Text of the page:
|Type:||Trad, 2 pitches, 150'|
|Original:||YDS: 5.10c French: 6b Ewbanks: 20 UIAA: VII ZA: 20 British: E2 5b [details]|
|FA:||Bob Gaines, Tony Sartin, and Tony Grice, November 2006|
|Submitted By:||Bob Gaines on Jan 13, 2007|
|Comments on Harley Queen||Add Comment|
|Show which comments —
By Bob Gaines
Jan 13, 2007
|More sustained and better protected than the nearby Harlequin. Maybe three out of five stars.|
By Bill Olszewski
From: Colorado Springs, CO
Apr 8, 2007
|Shweet route, guys! Maybe next time I'll pull that first crux and actually get the tick! TG - didn't you say you guys had plans for subsequent pitches?|
By Andy Laakmann
From: Bend, OR
Nov 25, 2008
rating: 5.10b/c 6b 20 VII 20 E2 5b
Wickedly sustained, technical route finding, and excellent climbing. Get on this one... but get your game on, as it stays at you from the moment you leave the belay! The route is still cleaning up a bit, and the occasional grainy smear ups the ante a bit... and may have contributed to the "sustained" feeling.
This route is safely bolted (but see notes below on Harlequin's P1), though you'll pause a few times while pulling some "mantle-ish" moves a touch above the bolts.
Not being familiar with Harlequin, this route took me a bit to find. To locate it, head towards to lowest point on the main face of Saddle Rocks. You are probably 75' right of "Right On", and 150-200' left of Walk on the Wild side. You don't need to scramble to the top of any of the huge, obvious ledges to the left of Walk on the Wild Side.
A low angle 4th class section (40') heads to big ledge, and then a long - mostly horizontal - ramp system goes to the right about 80'. This is described above, but was much more traversing than I expected - it is basically horizontal. There is a little tree growing out half way that serves as the best landmark. The ramp ends with two bolts that lead right to the top of a corner system and the anchor. There are some other bolts visible on the ramp system, but you can't reach them from the ramp.
P1 (Harlequin's original pitch) is fine on lead, but pretty damn scary for the second. When they unclip the last bolt, they are facing a 20+' pendulum into a wall. The climbing is only 5.8, but it is very insecure - stick-to-what type of climbing. Do not take an insecure second on this pitch (do the direct start described above instead). My second ended up putting a cordellete through the last bolt hanger, made some moves, and then pulled one side of the cordellete through. Not pretty, but safe for her.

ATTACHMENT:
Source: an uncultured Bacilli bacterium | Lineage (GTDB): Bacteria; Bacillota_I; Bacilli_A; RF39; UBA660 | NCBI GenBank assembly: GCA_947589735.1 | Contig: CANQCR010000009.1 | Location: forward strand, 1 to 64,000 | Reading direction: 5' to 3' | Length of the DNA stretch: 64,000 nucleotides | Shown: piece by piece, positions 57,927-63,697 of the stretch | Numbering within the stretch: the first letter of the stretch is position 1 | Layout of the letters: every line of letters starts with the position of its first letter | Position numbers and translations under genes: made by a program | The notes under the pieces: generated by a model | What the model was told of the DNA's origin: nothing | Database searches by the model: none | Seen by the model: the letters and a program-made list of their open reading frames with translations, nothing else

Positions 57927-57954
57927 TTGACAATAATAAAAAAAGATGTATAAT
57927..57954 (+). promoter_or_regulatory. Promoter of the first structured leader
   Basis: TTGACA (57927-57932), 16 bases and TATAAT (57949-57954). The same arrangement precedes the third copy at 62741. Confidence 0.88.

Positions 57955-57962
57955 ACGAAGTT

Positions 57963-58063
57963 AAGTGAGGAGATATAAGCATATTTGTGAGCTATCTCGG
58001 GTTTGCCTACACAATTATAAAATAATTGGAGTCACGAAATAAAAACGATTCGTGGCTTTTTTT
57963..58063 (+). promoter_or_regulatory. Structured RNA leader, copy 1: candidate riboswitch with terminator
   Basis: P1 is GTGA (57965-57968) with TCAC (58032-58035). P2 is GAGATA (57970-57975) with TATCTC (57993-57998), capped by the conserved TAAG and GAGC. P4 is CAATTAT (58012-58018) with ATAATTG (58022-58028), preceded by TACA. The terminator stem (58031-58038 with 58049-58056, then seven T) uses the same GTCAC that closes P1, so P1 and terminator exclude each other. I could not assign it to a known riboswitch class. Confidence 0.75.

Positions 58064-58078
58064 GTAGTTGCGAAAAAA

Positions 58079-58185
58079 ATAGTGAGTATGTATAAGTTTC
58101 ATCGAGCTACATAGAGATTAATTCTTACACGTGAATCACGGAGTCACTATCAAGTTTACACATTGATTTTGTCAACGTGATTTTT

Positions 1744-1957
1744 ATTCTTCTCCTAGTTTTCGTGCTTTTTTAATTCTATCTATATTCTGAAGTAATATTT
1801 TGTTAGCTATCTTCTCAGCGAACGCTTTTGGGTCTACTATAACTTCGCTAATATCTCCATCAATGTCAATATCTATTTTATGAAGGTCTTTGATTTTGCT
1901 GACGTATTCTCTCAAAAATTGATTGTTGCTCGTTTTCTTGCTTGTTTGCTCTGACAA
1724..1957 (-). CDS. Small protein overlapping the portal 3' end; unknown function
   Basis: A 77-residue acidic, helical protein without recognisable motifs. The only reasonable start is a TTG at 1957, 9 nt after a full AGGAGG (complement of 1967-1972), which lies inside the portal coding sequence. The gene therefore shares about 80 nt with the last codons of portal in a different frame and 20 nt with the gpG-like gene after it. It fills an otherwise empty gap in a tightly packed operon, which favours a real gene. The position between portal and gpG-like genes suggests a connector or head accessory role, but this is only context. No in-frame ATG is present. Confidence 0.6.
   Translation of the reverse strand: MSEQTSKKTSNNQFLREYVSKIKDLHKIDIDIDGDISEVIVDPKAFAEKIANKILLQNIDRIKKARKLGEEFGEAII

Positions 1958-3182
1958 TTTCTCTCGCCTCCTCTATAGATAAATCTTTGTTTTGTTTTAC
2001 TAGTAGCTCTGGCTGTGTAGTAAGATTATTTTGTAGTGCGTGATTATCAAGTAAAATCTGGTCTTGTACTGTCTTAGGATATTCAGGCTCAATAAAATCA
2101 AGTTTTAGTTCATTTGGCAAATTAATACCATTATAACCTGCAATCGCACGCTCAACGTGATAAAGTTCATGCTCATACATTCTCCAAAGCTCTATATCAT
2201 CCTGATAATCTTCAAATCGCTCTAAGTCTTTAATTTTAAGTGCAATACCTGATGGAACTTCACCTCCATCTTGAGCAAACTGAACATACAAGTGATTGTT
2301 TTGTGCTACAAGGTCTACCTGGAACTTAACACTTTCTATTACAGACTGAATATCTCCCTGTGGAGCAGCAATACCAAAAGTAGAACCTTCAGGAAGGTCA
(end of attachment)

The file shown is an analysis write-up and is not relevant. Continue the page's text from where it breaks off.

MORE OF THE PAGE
P2 begins directly above the anchor, and then follows a line of bolts up and left and then straight up over the headwall. Be open minded with the route finding... as it is easy to get suckered the wrong way - particularly getting to and past the first bolt. This pitch is harder than it looks and is super fun!
Two raps gain the big ledge below, and then you can scramble back to your packs.
Jan 10, 2010
rating: 5.10d 6b+ 21 VII+ 21 E3 5b
Perhaps being an aging has-been contributed to the feeling this route harder than others have suggested. A great route that is sustained and has No offending easy sections. Three + of five stars.
Edited: Thanks Bob. Teach me to not post from my phone.
Jan 11, 2010
rating: 5.10d 6b+ 21 VII+ 21 E3 5b
|More sustained than Where Have all the Cowboys Gone, letter grades harder than Sig Alert (aka Cast Up A Highway), also think its harder and more than sustained than The Decompensator of Lhasa. As Andy mentions the route finding is technical. I have no choice but to rate it 5.9+.|
From: Joshua Tree, California
May 18, 2011
|This route is 5.11-.......I failed to finish the first pitch;.....got two bolts from top, and was too pooped out......maybe a route for someone younger than I........best I head back over to Santa Cruz for another lap on something I can actually lead......|